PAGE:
386th EMXS Combat Metals Flight: fabricating parts, saving money

SOUTHWEST ASIA — When listening to Senior Airman Tobias Budd dynamically describe the process of splicing a Royal Netherlands Air Force KC-10A Extender’s broken brake line, it’s easy to picture him using a swage tool to apply the pressure needed to morph two entangled metal cables into a functioning single line.

“What we did was splice their brake line because they weren’t able to get a new one in on time,” Budd, 386th Expeditionary Maintenance Squadron, Combat Metals Flight, aircraft structural maintenance journeyman, deployed from the 355th Equipment Maintenance Squadron, Davis-Monthan Air Force Base, Arizona, said about the September 2017 repair. “So, we spliced one end, swaged it, which is kind of crimping a piece of fake tube on top of it, and then attached it to the other end after cutting out the damage.”

It’s clear by his tone the repair itself wasn’t what made the job memorable. Budd said the unexpected opportunity to work with coalition forces on an unfamiliar airframe wasn’t even on his mind prior to deploying and alluded that combat metals is constantly called to assist other units, including non-aircraft related squadrons.

“Because we are fabrication, we obviously have a wide range of skills that come in handy anywhere,” said Master Sgt. Michael Konegni, 386th EMXS Combat Metals Flight chief, deployed from the Wyoming Air National Guard, 153rd Airlift Wing, Cheyenne, Wyoming. “Anything that needs to be welded from backpack lockers to aircraft parts we can (make), it’s not strictly geared towards aircraft repair. That’s what we are trained to do but those skills can also be transferred over to the civilian side of things.”

The combat metals flight combines multiple Air Force specialties, including aircraft structural maintenance and aircraft metals technology technicians. This flight tends to be exclusive to deployed environments, allowing the utilization and optimization of available resources.

“While we are different AFSCs (Air Force specialty codes), we can consolidate everything into one area, which is obviously easier in the area of responsibility because of space availability,” said Konegni.

Stressing the importance of combat metals because of continuing operations in Iraq, Afghanistan and Syria, Konegni said it’s very rare for a structural issue to ground an aircraft but when it does happen it could cause serious delays.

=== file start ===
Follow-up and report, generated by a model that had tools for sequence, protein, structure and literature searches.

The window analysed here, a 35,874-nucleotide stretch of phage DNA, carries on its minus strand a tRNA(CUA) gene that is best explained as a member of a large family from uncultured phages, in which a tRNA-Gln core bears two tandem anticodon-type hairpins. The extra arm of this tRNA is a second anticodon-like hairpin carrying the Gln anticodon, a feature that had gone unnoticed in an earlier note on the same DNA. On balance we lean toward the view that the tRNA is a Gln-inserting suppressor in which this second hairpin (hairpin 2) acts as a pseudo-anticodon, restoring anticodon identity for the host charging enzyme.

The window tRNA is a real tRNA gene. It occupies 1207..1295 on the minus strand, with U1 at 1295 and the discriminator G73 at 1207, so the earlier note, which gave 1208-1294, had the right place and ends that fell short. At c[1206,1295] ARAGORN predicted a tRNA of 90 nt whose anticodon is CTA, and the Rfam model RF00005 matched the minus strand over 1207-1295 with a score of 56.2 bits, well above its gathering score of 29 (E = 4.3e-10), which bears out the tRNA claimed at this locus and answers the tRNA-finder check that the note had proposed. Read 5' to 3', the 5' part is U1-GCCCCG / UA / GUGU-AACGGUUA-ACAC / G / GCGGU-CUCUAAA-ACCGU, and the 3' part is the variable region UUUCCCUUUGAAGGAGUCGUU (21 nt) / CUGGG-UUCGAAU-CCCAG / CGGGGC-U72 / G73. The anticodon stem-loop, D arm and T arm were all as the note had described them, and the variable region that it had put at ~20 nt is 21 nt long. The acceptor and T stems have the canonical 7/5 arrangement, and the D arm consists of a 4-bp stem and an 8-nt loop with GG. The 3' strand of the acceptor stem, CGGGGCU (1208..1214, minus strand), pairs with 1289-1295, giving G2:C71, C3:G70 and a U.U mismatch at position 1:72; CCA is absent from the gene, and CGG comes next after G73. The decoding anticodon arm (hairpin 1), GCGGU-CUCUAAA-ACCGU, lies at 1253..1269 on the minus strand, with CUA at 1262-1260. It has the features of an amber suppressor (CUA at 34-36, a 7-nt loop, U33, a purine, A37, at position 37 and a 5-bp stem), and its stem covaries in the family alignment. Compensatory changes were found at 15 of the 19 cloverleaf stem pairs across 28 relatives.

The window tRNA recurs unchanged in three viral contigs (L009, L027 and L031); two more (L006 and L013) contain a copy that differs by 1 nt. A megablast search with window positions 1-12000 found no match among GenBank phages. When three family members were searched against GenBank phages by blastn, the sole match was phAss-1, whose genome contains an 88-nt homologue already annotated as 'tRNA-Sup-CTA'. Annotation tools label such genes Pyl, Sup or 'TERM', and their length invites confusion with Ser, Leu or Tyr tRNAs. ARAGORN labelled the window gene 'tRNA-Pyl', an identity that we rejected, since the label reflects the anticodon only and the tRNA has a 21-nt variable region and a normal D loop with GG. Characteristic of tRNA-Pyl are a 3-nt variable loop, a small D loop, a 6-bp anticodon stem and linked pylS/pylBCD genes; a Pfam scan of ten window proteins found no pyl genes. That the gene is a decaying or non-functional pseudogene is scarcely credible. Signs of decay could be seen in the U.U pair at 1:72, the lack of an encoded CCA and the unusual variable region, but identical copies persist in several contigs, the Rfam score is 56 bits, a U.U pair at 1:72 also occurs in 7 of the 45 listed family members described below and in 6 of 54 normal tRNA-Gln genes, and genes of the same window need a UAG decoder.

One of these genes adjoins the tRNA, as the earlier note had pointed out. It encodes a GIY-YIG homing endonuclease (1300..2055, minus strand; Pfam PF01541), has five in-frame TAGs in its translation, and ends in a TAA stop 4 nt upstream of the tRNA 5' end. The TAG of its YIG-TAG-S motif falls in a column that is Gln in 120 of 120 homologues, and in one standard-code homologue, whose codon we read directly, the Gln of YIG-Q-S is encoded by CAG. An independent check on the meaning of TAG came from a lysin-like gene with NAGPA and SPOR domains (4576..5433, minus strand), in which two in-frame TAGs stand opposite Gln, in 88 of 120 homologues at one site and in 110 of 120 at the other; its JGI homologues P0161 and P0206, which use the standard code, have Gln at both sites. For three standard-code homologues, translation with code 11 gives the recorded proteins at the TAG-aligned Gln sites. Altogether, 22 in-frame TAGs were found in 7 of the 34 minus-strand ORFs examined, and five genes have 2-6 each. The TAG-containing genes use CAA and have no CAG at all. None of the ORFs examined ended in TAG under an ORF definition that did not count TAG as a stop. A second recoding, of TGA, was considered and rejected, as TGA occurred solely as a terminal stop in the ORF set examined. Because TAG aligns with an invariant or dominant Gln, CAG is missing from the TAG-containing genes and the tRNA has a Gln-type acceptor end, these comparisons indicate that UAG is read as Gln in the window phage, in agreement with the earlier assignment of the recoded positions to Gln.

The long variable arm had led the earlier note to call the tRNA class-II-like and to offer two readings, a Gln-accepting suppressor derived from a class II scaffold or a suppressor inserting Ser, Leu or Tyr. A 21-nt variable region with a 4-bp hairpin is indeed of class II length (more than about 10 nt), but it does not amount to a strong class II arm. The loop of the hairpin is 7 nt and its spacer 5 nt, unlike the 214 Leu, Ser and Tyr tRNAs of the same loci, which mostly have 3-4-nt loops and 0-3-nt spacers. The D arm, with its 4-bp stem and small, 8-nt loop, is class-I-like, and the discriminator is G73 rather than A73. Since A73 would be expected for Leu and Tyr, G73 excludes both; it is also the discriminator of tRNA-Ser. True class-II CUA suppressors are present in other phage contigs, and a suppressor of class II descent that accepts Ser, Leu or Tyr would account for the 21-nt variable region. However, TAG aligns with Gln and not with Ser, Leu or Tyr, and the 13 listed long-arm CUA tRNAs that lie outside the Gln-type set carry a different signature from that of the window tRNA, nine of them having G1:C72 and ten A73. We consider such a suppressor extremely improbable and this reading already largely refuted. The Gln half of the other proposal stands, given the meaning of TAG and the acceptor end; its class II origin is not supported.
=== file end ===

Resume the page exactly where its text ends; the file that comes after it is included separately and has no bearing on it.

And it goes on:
Senior Airman Tyler Case, 386th Expeditionary Maintenance Squadron aircraft metals technician, deployed from the 305th Maintenance Squadron, Joint Base McGuire-Dix-Lakehurst, New Jersey, said a lot of his job while deployed is unscheduled maintenance and that having this capability allows them to fabricate or alter parts which would take weeks to have shipped to Southwest Asia. This in return saves the Air Force money and allows aircraft to resume the mission sooner.

For example, on September 21, 2017, an EC-130H Compass Call forward nose landing gear door sustained damage caused by a bird strike during flight, requiring combat metals technicians to complete an extensive aircraft battle damage repair. In less than 12 hours, the team was able to coordinate with Robins AFB engineers approving a plan to return the asset back to service six days early.

According to Konegni, by spending approximately $300 in materials, combat metals Airmen were able to save the Air Force more than $21,000 if they had to fully replace the part.

What is probably the most unique part of this environment is the diversity of active duty and Air National Guard members, said Konegni.

“It’s nice because you get different ideas from different viewpoints, from different places in the world off of different airframes,” he said. “I by no means dismiss what (junior enlisted airmen) see because they’ve worked airframes I’ve never seen before and they have tricks up their sleeves that come in handy on C-130s that I’ve never thought of.”